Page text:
Archive for February, 2012

The Power of Reflection (Part 2 of 2)

I recently moved to the city to be closer to my new job and find a new social atmosphere – a definite change from my past homes near wooded parks or remote Northwoods wilderness areas. Yeah, “the city” is only Cleveland, but being surrounded by this much brick and mortar is unsettling for a nature-o-phile like me.

Riverside views of the Thelon, Nunavut, Canada, & Cuyahoga, Cleveland, Ohio.

The recent move has highlighted why I relish opportunities to retreat into the wilderness. To unplug from my electronic devices and recharge my mental batteries.  It’s something William Powers wrote about in his book Hamlet’s Blackbery (which my dad summarized here) and I strongly believe is essential to mental health. Especially for those of us who spend so much time in the digital world, limiting ourselves to a 2D, electronic perspective.

Getting away — whether it’s for a weekend unplugged or a week on the beach — has oodles of benefits:  avoiding the blinking lights, overflowing in boxes and ever-present notifications; remembering that there’s more to life than work;  dissolving stress by entering a world of relaxation; and enjoying the fruits of your labor by exercising free will.

But, most importantly, taking time away gives you a new perspective on your life: past, present and future.

Stepping outside the rigors of day-to-day routines and mindsets allows you to remember what makes you happy and what you need to do so that you can spend more time being that way — happy.

#Confucious quote just for good measure.

Don’t get me wrong: I’m all for the idea of having a job I love and “never working another day in my life.” But no matter how much I love what I do (and even practice in my free time a la writing this blog), the fact is:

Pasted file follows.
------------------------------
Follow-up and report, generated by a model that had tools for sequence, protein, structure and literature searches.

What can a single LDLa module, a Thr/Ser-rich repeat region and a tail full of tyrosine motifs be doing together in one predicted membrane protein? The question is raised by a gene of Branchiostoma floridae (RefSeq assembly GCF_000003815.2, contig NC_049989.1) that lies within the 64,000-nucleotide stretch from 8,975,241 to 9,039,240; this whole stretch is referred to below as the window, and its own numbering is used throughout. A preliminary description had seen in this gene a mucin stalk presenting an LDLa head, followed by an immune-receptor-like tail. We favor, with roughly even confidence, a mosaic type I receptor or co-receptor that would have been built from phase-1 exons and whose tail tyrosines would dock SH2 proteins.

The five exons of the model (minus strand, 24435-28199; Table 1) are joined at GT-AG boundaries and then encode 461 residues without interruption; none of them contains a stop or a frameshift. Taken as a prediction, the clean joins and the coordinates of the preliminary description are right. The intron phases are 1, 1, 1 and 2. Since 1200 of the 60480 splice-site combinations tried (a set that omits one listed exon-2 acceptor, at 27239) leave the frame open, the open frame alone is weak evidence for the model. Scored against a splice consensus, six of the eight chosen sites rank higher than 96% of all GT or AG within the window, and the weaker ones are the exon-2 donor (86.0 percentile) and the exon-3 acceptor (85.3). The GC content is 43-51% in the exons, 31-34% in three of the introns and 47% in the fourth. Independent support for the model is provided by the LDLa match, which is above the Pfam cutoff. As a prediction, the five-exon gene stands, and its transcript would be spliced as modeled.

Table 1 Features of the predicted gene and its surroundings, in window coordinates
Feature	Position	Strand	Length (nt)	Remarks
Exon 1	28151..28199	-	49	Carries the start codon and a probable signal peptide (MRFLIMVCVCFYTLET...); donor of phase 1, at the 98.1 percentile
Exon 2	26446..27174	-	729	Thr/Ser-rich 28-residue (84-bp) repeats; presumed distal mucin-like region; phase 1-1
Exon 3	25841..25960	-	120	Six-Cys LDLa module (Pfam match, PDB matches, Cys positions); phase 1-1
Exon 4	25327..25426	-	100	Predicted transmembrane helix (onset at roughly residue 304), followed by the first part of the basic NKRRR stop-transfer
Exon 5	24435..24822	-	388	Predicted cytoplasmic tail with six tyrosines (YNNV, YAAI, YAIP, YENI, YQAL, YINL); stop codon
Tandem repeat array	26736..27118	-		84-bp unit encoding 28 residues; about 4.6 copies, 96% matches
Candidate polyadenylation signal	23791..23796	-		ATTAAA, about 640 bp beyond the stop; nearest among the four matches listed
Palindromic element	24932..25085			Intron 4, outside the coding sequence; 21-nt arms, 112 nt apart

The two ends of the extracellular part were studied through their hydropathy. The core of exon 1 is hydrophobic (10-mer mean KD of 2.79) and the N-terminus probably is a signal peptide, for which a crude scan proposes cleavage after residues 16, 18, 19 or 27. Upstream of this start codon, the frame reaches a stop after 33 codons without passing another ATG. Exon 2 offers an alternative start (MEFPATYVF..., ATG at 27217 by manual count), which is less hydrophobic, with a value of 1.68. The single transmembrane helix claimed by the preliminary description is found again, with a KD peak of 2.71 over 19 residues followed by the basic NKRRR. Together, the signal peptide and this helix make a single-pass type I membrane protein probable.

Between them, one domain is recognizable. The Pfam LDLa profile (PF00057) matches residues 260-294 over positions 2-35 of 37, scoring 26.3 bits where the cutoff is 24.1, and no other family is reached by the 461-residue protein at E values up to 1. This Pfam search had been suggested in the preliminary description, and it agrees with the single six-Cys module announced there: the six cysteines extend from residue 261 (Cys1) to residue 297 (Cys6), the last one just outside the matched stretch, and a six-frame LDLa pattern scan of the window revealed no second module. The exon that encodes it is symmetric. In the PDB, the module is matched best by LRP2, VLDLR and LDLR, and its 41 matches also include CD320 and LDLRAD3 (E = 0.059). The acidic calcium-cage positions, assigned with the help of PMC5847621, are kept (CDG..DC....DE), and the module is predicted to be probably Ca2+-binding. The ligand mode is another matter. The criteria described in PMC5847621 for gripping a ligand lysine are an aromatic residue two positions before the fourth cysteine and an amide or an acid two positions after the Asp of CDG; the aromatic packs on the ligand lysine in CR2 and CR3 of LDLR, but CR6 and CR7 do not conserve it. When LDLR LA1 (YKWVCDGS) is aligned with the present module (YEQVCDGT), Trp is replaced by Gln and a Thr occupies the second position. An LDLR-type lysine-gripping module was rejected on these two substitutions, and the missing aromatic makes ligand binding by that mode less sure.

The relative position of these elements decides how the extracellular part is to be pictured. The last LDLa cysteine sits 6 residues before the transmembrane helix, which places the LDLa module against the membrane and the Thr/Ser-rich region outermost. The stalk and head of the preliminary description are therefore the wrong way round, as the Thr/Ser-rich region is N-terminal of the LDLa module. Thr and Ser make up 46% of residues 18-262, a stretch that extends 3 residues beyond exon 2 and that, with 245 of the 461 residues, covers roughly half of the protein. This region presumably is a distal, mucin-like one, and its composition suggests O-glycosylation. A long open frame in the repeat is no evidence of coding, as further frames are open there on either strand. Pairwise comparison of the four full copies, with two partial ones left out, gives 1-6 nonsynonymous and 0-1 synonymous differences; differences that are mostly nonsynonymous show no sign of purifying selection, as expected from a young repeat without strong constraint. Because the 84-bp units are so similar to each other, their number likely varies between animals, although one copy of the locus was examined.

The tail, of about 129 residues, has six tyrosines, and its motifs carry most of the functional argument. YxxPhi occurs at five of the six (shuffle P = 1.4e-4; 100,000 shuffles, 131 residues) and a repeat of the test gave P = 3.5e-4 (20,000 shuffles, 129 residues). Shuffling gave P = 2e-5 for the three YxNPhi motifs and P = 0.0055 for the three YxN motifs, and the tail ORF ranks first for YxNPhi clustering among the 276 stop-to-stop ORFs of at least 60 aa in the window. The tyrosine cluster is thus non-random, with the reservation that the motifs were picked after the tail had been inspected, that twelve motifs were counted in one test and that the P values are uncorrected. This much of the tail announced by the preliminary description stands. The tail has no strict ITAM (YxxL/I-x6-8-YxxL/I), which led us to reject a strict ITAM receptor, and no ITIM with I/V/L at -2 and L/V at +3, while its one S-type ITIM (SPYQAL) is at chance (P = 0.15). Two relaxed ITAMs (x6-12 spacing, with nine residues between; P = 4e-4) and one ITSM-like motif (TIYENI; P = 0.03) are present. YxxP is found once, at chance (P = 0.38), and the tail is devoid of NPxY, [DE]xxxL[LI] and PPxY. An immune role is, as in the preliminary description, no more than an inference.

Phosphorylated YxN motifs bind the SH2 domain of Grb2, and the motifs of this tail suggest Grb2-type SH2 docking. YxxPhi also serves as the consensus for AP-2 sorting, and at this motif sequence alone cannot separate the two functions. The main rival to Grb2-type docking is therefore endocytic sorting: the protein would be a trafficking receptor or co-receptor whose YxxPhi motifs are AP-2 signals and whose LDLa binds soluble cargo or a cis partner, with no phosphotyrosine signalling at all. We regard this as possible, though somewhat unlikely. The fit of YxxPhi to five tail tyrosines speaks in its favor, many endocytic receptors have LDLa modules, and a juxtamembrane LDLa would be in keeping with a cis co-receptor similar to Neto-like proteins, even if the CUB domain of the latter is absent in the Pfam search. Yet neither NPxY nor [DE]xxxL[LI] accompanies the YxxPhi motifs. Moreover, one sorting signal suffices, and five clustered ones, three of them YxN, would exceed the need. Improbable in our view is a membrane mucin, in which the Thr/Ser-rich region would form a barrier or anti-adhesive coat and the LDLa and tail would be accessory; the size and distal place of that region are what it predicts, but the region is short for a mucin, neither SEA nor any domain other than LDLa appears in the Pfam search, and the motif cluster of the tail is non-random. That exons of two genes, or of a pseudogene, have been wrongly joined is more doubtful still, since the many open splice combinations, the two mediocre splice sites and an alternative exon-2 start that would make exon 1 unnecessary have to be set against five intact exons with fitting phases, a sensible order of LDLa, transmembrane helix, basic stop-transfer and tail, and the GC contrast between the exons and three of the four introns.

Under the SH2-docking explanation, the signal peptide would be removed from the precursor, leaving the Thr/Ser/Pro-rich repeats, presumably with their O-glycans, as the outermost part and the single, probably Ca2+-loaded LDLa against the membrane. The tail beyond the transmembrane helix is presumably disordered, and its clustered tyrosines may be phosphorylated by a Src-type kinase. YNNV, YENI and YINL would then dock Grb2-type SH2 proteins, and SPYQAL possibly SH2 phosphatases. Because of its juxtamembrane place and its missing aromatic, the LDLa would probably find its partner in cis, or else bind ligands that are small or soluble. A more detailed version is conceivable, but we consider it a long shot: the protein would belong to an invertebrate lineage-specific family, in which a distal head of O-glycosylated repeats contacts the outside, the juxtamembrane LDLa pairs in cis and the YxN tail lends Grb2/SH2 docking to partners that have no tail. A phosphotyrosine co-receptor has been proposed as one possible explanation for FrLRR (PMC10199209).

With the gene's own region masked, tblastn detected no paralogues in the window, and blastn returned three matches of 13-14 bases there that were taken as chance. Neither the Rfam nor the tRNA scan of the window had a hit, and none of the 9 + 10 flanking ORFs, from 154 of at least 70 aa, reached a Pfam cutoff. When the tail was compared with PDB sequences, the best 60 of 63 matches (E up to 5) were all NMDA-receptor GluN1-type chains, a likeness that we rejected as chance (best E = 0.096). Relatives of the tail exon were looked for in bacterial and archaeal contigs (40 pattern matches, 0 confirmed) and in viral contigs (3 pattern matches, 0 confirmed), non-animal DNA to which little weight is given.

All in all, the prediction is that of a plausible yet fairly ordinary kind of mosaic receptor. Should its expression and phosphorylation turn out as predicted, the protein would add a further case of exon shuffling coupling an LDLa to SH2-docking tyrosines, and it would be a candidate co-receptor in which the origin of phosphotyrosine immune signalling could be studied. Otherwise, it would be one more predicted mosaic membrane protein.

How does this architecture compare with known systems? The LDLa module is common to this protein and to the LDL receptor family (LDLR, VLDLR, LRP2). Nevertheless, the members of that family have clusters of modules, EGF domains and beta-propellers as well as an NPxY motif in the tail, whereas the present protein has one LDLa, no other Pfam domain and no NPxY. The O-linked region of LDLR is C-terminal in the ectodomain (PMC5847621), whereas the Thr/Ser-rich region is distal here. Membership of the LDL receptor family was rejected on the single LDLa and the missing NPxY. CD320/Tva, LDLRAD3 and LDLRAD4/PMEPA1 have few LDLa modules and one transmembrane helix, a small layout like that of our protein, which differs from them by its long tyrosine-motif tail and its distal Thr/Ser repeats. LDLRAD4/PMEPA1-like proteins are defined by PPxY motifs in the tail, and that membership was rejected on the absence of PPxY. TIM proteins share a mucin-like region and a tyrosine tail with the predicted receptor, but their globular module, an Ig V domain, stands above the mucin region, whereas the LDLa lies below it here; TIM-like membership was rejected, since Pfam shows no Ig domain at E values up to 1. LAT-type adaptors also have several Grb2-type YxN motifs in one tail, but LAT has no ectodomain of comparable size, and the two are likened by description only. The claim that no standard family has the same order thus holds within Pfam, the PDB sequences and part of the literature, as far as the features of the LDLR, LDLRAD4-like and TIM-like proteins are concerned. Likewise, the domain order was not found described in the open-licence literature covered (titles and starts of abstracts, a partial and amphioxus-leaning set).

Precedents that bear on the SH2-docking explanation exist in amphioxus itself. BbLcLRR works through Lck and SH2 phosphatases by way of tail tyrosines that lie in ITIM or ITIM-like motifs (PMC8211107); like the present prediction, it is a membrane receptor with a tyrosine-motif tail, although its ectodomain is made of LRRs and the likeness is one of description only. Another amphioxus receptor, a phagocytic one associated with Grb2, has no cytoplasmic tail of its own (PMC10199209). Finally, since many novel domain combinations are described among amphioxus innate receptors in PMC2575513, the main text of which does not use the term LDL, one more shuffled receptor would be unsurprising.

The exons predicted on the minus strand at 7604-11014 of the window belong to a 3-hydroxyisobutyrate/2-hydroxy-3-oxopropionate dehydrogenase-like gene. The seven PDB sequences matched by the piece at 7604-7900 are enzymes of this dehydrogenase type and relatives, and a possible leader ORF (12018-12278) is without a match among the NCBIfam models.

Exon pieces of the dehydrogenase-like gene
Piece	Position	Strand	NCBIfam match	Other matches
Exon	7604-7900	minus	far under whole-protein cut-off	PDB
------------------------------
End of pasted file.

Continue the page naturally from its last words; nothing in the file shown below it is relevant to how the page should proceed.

“NOT working is better than working.”

And that’s a Bill Sledzik quote to live by.

Relating back to the first part of this post, an extended vacation from the doldrums (or playgrounds) of work life gives your mind enough of a break to look back and understand what you’re doing with your life and examine all aspects:

  • Do I enjoy what I’m doing?
  • Is it challenging enough?
  • Am I being effective and adding value?
  • Am I understood?
  • How can I improve; i.e. how can I be happier?

I haven’t been to the woods since early January and that was only for a weekend. I’m dying for some time outside my own head. Some time to reflect and think back on all of the great experiences I’ve had at my new gig, in my new place and everything else that’s been happening good or bad. But with my next wilderness getaway weeks away in April, I’m settling for long drives, workouts and the occasional mid-day zone out (it happens for a reason folks: your mind *needs* a break).

But I’m curious on how other people “reflect,” both short- and long-term. I’ve described what’s personal to me. Can you relate? What tricks, tips, trips or breaks do you use? Or is reflection just natural? Just curious…



February 16, 2012 at 12:31 AM 1 comment

The Power of Reflection (part 1 of 2)

A prism shows the power of reflection turning one condensed blur into a variety of light points.

Reflection – A daily exercise